AD Greg McGarity and Josh Brooks add insight into Ticket plan & Stadium Capacity
The following are supplemental comments from J. Reid Parker Director of Athletics Greg McGarity and senior deputy athletic director Josh Brooks as follow-up to stadium capacity and ticket distribution.
On whether the decision to allow tailgating has been decided/if not, when the public can expect that decision…
“Well, we outline in our note to our donors that we’ll make that decision a little bit later. I know Alabama has already come out and said no tailgating— Arkansas has, as well— but we’re going to wait and see. We don’t have to make that decision right now but certainly as we near the first game, we’ll make those decisions about tailgating. We will just wait and make that decision a little bit later.”
On what the status is of the Dawg Walk and whether that will take place… “We don’t know yet. To practice social distancing, that’s not really conducive to the Dawg Walk, as we know it today. It’s really the only way our team can get into the stadium now, so I’m sure that will be modified in some degree. We just haven’t zeroed in on those plans for when we start in October.” On the level of risk playing this fall presents… "We’re not even out of August yet. We’ve got plenty of time, through the whole month of September to evaluate things. We just need to be able to pivot if necessary, but we’ve got a long time before we have our first home game….We feel like the way we’ve mapped out the stadium, we can maintain social distancing and still abide by the CDC guidelines to keep people as safe as possible. Again, people can opt out. People can elect to come to our games, so those who do come certainly would have a level of risk as they move towards the stadium. Again, we’re thinking with the numbers we will have, [attendance] will be like a rainy G-Day; that may be what the crowd looks like. You’ve got a stadium of 90 thousand, and you’re populating it with only 20-25 percent of that, so the stadium is going to look sporadic for sure.”
On whether there were plans to have a student section at home games this fall…
“It was important to us early on that we maintain the student section, and [the student] footprint was not affected. We actually increased the students’ footprint slightly, because if you look at some of their sections in the past, like sections 307 and 144, [those] were half students, half donors. Those are now all students. We want clean sections. The footprint of students actually remains exactly the same, and actually a little bigger. We’ve already applied some methodology to how we will lay it out, similar to what we do with donors. Now that the plan is out, we’ve got a meeting set for today. We’ll start meeting with more student leadership to confirm the allocation plan and make sure they are comfortable with what we’re working through. We want to maintain that section for them, as well.”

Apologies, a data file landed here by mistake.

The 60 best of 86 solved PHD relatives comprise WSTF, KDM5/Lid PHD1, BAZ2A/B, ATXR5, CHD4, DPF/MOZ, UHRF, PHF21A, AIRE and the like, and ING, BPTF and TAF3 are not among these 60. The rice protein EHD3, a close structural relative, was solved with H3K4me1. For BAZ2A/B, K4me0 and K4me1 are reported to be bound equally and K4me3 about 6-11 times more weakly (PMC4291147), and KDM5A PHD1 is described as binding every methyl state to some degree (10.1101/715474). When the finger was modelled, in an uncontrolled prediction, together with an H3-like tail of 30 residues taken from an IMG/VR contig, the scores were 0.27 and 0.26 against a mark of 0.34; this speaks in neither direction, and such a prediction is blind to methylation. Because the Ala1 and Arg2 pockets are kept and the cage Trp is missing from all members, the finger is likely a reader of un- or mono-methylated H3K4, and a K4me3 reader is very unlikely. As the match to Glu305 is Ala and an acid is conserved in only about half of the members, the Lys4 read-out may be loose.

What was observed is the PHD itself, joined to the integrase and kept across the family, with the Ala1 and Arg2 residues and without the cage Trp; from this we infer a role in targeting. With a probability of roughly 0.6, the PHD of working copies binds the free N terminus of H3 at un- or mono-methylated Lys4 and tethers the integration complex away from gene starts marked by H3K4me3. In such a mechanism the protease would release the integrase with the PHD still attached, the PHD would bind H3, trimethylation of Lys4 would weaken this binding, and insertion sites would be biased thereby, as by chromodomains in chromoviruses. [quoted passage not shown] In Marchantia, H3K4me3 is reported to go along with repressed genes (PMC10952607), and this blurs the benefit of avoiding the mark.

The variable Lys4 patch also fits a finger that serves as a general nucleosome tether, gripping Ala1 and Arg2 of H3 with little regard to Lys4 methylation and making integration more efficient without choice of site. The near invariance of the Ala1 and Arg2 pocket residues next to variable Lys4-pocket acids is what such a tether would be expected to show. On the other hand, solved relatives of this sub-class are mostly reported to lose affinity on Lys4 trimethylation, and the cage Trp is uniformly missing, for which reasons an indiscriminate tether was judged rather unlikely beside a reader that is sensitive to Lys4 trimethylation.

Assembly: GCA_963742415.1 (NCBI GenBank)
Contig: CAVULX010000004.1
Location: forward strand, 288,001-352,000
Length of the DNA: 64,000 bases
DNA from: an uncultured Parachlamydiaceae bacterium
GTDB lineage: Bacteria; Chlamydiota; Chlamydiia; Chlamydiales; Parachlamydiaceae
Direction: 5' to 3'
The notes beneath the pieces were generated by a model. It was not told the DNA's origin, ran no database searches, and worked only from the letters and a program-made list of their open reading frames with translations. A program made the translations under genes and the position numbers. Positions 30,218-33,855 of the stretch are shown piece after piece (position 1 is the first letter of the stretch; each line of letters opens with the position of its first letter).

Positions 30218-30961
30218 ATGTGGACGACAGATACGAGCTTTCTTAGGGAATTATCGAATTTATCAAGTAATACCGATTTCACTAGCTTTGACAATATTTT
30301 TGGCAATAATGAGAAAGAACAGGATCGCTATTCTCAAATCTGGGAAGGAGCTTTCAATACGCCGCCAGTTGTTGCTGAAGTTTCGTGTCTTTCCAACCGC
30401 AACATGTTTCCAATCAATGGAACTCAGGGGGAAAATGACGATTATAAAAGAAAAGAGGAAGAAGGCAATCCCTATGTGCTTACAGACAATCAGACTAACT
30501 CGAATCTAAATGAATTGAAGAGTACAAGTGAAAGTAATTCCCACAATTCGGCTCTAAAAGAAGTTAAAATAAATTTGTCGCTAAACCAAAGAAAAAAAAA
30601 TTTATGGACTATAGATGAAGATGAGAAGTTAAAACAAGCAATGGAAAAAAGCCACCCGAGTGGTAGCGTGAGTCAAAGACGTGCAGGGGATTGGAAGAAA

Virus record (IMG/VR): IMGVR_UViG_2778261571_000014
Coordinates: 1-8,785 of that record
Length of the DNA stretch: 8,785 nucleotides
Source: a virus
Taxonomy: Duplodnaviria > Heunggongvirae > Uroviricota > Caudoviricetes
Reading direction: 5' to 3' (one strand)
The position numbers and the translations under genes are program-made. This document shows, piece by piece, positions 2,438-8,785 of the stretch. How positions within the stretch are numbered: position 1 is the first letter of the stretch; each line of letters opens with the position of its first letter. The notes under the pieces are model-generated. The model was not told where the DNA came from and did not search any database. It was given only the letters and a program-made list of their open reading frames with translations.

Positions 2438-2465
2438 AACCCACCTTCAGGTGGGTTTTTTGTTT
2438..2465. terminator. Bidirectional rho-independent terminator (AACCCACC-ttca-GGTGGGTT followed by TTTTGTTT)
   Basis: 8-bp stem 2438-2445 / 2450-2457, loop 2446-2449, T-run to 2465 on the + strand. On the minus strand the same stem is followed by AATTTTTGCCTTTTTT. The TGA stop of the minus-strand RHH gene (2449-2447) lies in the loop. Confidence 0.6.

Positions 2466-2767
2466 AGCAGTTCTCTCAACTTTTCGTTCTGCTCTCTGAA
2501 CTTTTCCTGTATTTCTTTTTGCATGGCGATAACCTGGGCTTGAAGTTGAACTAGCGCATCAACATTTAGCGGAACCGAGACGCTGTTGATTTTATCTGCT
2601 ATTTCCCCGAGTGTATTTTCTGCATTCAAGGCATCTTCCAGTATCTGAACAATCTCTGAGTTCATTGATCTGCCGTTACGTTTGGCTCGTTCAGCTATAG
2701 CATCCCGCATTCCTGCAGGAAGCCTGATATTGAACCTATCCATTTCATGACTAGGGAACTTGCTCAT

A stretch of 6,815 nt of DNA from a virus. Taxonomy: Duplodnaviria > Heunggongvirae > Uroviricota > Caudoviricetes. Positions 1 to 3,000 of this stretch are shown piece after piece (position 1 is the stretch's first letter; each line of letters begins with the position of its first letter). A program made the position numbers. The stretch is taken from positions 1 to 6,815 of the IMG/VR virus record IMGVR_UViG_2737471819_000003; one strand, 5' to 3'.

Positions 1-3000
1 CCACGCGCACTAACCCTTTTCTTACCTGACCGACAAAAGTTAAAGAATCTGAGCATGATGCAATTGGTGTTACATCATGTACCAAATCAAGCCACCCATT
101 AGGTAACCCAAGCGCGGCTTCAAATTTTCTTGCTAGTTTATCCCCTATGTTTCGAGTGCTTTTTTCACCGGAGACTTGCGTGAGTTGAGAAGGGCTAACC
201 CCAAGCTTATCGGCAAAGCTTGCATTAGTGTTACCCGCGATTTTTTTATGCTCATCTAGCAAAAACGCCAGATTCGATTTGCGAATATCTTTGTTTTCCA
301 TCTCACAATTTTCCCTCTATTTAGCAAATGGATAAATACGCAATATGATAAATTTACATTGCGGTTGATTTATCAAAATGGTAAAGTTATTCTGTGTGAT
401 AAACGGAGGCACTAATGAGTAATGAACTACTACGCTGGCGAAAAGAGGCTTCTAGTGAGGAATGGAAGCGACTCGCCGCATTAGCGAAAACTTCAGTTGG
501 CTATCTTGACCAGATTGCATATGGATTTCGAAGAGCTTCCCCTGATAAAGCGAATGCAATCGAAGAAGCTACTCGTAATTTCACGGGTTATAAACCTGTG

On whether there are plans to have the Red Coat band… “That has yet to be determined how the bands, I know the Medical Advisory task force is providing some guidance to the athletic directors, as we move forward. That has yet to be determined as far as how band and cheerleaders would function this year.” On whether there is a point in September where UGA has to make the decision whether or not to play… “I really don’t know. We have AD meetings almost every day now, on Zoom. We learn different things every day. I don’t think there is a drop-dead date—we don’t have one designated is, ‘We have to make a decision by this day,’ because we don’t have to right now. But I just think we look at the information daily and listen to what our other peer institutions are doing, as well as the Big 12 and the ACC, the AAC and everybody else that is playing, and so to keep tabs on everyone else. I just think it is too early to put a drop-dead date. I think it would have to be the week of the game at the latest, but we will just wait and see what develops on a daily basis.” On what the PPE plan/safety and sanitation measures will look like in Sanford Stadium… “That’s going to be a big part of our operation this year. We’re going to have hand sanitizer stations everywhere across the stadium. All of our staff will be really masked-up, all of the concession workers will have face-shields, masks, gloves. That is very important to think about all of those things, and follow all the CDC guidelines as you talk about concessions, restrooms, ingress, egress. That was what kind of gave us confidence to move forward with this plan knowing that with a crowd of this size, the operations at the concessions and restrooms will be easy. Ingress and egress will be easy. We can manage that—like Greg [McGarity] said, ‘A crowd of around 20,000 in a stadium that can seat 92,000 makes it more manageable all around. I feel really good about our planning. We are going to be deep-cleaning. There are going to be a custodian assigned to every single restroom that will be constantly wiping down touch points. We are going to disinfect all of the restrooms the day of the game, all common areas. I feel really good about the plan. It is going to take—we’re still working through it. The execution on the day of is going to be very important, but I feel very good about our staff just from what I have seen so far and how we have managed all of our athletics facilities these last few months gives me great confidence that we can do the same thing at Sanford [Stadium].” On the ways UGA has consulted at the state and other levels regarding the safest model to a football season… “We have consulted with local officials, worked with—we have a group here on campus, the [Position Management and Classification] group that has evaluated all the campus operations, I have met with that group. I meet with campus officials, the normal game operations group that we meet with: Steve Harris and Jimmy Williamson, to review our plan and get a second set of eyes. We also talk to our peers throughout the state, throughout the country. You would be surprised how much at even rival [schools], how much we will work together to talk through these things because this is not a thing about competitive advantage, this is about keeping people safe and maximizing our opportunity. We weren’t shying away from any idea that we could find, anywhere. We have worked with schools across the country, a lot of officials here—especially on campus.”